Latest posts by David Sargant (see all)
- #14: How to Fill Your Live Coaching Events and Workshops (Part 1) - May 29, 2018
- #13: Coaching in a Multi-Coach Practice with Hugo Heij - April 10, 2018
- #12: Stop Trying to Figure it Out on Your Own Featuring Napoleon Hill - March 27, 2018
There’s so much talk about how to get coaching clients but very little about losing a coaching client and most importantly, how to find out what went wrong.
The first thing to remember is that losing a client is normal. It’s not nice but established coaches, new coaches and everyone in between have all lost good coaching clients.
Sometimes it’s our fault. Sometimes it’s theirs. Sometimes it’s just out of everyone’s control.
But no matter the reason, there is something to be learned from a lost client. A system to review lost clients will help you and your coaching business improve, grow and ironically, get you more clients.
Typically done when you leave a job, an exit interview is also a great way to review what went right with clients—and what went wrong—during your coaching relationship. You’ll want to review:
- The progress your client made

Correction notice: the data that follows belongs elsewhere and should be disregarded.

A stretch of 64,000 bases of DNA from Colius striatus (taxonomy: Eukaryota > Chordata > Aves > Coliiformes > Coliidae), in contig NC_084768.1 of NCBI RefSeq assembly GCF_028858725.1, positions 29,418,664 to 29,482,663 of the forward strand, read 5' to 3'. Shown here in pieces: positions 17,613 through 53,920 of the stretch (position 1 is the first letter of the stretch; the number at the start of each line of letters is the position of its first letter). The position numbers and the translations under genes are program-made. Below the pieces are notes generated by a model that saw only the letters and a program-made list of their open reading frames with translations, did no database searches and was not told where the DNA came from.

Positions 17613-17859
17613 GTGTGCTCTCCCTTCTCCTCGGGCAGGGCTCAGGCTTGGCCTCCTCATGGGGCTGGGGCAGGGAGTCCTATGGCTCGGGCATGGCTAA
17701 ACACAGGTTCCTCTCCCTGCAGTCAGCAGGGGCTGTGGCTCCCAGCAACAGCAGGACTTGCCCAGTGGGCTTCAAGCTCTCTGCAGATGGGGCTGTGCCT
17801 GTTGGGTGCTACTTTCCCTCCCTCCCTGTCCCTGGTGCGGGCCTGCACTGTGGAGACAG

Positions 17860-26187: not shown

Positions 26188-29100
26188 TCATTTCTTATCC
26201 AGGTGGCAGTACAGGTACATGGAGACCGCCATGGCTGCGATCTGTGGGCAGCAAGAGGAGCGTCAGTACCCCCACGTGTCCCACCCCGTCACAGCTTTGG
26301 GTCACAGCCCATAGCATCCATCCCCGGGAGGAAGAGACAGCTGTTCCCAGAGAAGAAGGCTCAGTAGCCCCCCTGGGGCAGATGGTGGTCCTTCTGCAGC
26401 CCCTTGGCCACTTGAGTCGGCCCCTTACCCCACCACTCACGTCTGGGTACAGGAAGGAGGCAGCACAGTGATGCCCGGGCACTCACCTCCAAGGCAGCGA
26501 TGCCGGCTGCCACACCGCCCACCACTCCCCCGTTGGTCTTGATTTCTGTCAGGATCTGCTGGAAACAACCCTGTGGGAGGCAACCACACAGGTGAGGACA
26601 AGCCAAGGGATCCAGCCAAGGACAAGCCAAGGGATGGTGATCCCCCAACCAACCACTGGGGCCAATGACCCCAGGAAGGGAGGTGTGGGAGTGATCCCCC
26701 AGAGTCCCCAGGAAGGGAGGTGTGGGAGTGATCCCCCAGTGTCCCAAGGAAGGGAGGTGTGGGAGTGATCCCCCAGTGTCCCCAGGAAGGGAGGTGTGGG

- What specific advice or tools did not work for her
- Any personality conflicts
- Why she’s moving on
- What signs were there that she was not the right fit?
- Why did you ignore any signs that were present?
- How can you use that information to protect yourself from a less-than-ideal client in the future?
- The schedule of calls/emails
- The requirements for scheduling a call
- Reporting requirements
- Length of your contract
This is not the time to get defensive. Be open to their criticism (if there is any) and use the information to genuinely improve your business.
Be Honest With Yourself
One of the most common reasons for client loss is that the client is simply not a good fit. Maybe you suspected it when he or she signed up, or maybe not, but now that they have moved on, ask yourself:
If you can identify a bad client-coach match from the start and decline the work (or better still, refer them to another coach who is a good fit) you’ll find you have a lot less stress in your day-to-day business.
Sometimes, client loss is as simple as a lack of understanding on your client’s part.
Do have a system for staying in touch with a client who has gone quiet? Sometimes all it takes is a phone call to get your wayward client back on track.
Many coaching relationships have been salvaged with a simple phone call or email, so if you haven’t heard from a client in a while, pick up the phone.
Here’s the Bottom Line:
Client loss happens to best of us; but if you can learn from each client, and use that insight to positively improve your coaching business, then even a lost client can be turned into new coaching clients.